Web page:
Google’s chief executive officer Larry Page recently knocked competitor Facebook during an interview with Charlie Rose on CBS This Morning. You can check out the brief clip of it below.
He said they didn’t allow Google to search data, “I think it’s been unfortunate that Facebook has been pretty closed with their data … and I think we would certainly — you know, we’re in the business of searching data. We don’t generally turn it down when it’s offered to us.”
Pros And Cons Of Tail Risk Funds
Editor’s note: This article is part of a series ValueWalk is doing on tail risk hedge funds. The series is based on over a month of research and discussions with over a dozen experts in the field. All the content will be first available to our premium subscribers and some will be released at a Read More
He also said that he thought the social media giant held their users on hostage. Facebook Inc (NASDAQ:FB) works with Yahoo! Inc. (NASDAQ:YHOO) and allows users to find search results from their website but they won’t work with them. He wishes content on the internet was more open for everyone to use.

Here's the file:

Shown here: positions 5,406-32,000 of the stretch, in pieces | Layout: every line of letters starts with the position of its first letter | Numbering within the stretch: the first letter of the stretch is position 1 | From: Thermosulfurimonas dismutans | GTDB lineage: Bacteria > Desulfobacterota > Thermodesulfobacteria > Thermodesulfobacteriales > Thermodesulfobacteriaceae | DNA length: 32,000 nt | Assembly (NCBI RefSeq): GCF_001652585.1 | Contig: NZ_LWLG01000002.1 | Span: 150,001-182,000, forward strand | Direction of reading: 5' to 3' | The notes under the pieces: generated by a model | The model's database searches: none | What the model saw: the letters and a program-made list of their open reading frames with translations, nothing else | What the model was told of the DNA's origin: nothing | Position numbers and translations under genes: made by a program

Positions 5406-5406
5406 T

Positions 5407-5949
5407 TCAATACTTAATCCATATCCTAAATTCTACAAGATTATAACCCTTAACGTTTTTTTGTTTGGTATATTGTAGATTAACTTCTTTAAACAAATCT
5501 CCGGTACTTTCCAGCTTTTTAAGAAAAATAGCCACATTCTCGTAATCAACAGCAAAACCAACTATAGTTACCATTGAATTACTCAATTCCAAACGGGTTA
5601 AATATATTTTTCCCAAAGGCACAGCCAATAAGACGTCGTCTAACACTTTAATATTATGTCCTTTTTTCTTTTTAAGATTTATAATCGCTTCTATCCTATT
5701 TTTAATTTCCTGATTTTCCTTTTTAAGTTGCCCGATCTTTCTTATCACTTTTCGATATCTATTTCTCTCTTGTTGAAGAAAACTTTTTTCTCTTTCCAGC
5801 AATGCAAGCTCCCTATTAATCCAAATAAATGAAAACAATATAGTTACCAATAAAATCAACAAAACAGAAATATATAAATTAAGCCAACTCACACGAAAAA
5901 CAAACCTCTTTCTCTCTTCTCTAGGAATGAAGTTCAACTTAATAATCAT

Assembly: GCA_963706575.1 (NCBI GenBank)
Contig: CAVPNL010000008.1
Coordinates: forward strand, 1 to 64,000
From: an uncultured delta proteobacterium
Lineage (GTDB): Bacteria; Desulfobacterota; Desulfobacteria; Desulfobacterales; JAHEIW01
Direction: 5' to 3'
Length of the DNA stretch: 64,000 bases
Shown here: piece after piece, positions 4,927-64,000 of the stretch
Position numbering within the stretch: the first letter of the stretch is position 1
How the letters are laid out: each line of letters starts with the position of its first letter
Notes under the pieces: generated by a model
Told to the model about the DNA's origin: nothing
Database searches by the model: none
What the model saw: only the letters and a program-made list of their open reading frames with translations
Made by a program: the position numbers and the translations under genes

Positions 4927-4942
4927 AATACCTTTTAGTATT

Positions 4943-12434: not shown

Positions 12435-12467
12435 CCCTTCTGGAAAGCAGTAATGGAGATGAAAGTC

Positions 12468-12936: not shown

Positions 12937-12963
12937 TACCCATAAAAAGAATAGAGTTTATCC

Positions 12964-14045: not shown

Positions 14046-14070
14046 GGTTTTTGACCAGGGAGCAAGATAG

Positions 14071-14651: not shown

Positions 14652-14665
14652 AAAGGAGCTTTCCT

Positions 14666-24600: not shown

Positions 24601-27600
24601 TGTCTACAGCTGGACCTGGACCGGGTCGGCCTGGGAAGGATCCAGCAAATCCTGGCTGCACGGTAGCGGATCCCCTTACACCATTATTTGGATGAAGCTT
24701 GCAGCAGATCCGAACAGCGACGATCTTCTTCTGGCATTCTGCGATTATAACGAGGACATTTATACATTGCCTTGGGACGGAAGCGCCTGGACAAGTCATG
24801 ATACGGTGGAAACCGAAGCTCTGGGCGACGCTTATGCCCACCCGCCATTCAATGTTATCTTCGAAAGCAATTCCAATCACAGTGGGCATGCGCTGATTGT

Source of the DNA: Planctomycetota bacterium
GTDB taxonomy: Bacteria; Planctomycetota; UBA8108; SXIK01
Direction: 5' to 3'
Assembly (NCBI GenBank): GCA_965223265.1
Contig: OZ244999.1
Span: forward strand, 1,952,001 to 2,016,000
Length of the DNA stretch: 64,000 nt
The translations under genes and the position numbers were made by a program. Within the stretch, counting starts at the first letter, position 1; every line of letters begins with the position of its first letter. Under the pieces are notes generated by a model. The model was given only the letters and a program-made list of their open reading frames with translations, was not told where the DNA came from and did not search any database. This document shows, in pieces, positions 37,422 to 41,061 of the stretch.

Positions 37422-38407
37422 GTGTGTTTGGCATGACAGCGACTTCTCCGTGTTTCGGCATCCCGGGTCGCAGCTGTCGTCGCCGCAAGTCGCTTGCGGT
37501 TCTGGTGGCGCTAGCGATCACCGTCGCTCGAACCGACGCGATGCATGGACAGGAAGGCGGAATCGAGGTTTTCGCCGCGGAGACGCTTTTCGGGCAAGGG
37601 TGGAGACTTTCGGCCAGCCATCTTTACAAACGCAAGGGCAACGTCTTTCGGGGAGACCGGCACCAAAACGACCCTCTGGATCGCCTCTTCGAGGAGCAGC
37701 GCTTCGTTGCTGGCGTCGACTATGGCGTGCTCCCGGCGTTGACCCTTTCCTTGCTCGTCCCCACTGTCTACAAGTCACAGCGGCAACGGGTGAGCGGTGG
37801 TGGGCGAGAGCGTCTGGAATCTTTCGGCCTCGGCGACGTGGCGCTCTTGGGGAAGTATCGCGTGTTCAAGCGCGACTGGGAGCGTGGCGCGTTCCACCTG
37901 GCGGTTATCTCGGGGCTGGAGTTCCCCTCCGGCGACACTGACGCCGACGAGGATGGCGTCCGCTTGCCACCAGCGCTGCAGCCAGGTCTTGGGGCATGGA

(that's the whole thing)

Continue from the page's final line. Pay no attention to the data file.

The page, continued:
Rose asked Page if he thought the situation to change and he thinks they’ll be forced to change their policies. He didn’t say how or when he thinks it would happen but he said that Facebook claimed it was a privacy issue.
[Video via: CNET]
It’s important to note a few things. The first thing is that compared to Facebook, Google+ is still relatively new on the scene. The second one is that Google doesn’t have one primary focus like Facebook does. The search giant operates many websites like YouTube, GooglePlay, Picasa, Calendar, Gmail, Blogger, Reader, and more. Facebook’s primary focus is the social media website. Since Google Inc (NASDAQ:GOOG) has their own social media website, and Facebook may not want to work with a company they see as a top competitor.
Now that the social media mega-site is publicly trading stocks, they’re probably planning on keeping things a little more secretive from other companies in order to benefit themselves more. Apparently, Google wants a piece of the Facebook pie and it doesn’t look like they’re going to get a slice anytime soon either.